NEW YORK (TheStreet) -- While conditions have not changed all that much in net/net land, a place that no company wants to end up by choice, there is a new addition following the latest round of earnings.
Overall the ranks are still thin for these companies that are trading below their net current asset value; at this writing, I count just seven with market caps in excess of $100 million. That's probably the fewest I've seen in the more than a dozen years that I've been researching this tiny corner of the investment landscape.
That is with the assumption that
is no longer a net/net, following its acquisition of BrightPoint for $840 million, or $9.00 per share. That transaction did not close until after the end of the third quarter, so we have not yet seen a post transaction balance sheet.
That's why you have to look beyond the latest financial statements; anyone screening for net/nets at this point would still have Ingram showing. Even after the transaction, though, by my back of the envelope calculation, Ingram should be in the 1.15 times to 1.3 times net current asset value range, but that's a very rough estimate.
The company did spend much of its $1.15 billion in cash to make the acquisition, however, so the composition of the balance sheet will be very different.
The "new" net/net I'm seeing has actually been on the list previously; "a repeat offender" so to speak.
has been on and off several times over the past few years.
While I'm not ready yet to declare it a "perennial net/net"-- a company that by its nature trades a low multiple to net current assets and, therefore, is not as cheap as it may appear -- it's on my perennial net/net watch list. Benchmark currently trades at 0.99 times net current asset value.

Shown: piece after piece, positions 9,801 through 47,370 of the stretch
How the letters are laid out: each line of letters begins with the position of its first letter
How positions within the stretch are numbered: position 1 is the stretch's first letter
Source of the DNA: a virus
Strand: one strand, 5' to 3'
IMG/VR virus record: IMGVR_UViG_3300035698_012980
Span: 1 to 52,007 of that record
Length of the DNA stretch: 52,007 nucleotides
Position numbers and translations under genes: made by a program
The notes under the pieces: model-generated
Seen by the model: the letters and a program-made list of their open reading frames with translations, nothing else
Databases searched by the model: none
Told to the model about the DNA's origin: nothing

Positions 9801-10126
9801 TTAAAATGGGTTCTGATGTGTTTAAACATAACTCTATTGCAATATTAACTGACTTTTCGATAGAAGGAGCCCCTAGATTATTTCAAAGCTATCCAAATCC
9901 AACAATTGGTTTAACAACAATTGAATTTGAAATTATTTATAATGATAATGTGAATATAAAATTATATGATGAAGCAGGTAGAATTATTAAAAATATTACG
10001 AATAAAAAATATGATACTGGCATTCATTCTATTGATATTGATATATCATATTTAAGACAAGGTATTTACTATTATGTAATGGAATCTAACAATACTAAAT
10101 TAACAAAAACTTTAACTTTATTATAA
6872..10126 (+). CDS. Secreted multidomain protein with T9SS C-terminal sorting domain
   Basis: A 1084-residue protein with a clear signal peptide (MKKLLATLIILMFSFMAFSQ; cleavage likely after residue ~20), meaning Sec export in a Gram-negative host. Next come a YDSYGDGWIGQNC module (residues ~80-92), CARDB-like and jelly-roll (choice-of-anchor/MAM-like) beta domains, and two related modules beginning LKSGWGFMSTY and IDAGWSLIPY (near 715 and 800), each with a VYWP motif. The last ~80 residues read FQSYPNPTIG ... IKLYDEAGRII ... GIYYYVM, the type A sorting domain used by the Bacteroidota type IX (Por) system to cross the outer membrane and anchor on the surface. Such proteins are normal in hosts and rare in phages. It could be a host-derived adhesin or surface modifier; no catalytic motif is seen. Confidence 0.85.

The company ended the latest quarter with $325.8 million or $5.83 per share in cash, and just $10.7 million in debt. Net/nets typically trade at a discount to book value by their nature; Benchmark currently trades at just 0.77 times tangible book value per share.
If you trust your data too much, and don't look any further, you might also believe that
is back in net/net land again. But that company paid a huge $10 special dividend after the end of the latest quarter in early October and announced last week that it will pay another $2 special dividend, and then sell off its remaining assets. Bye-bye Sycamore.
The other net/nets with market caps in excess of $100 million are very familiar, at least in net/net land. They include
Trans World Entertainment
. Targacept and Westell have not yet reported their latest quarterly results, so the data is as of June 30.
, the most high-profile net/net, which is all but hated by the Street, and presumed to be a "value trap" of the highest magnitude. I'm probably among the very few that still believes the company is worth more than its current price; but there is great risk here, and it's not for the faint of heart.
Overall, the dark world of net/nets is downright boring at this point.
At the time of publication the author was long IM, RSH.
This article is commentary by an independent contributor, separate from TheStreet's regular news coverage.
Jonathan Heller, CFA, is president of KEJ Financial Advisors, his fee-only financial planning company. Jon spent 17 years at Bloomberg Financial Markets in various roles, from 1989 until 2005. He ran Bloomberg's Equity Fundamental Research Department from 1994 until 1998, when he assumed responsibility for Bloomberg's Equity Data Research Department. In 2001, he joined Bloomberg's Publishing group as senior markets editor and writer for Bloomberg Personal Finance Magazine, and an associate editor and contributor for Bloomberg Markets Magazine. In 2005, he joined SEI Investments as director of investment communications within SEI's Investment Management Unit.
Jon is also the founder of the
, a site dedicated to deep-value investing. He has an undergraduate degree from Grove City College and an MBA from Rider University, where he has also served on the adjunct faculty; he is also a CFA charter holder.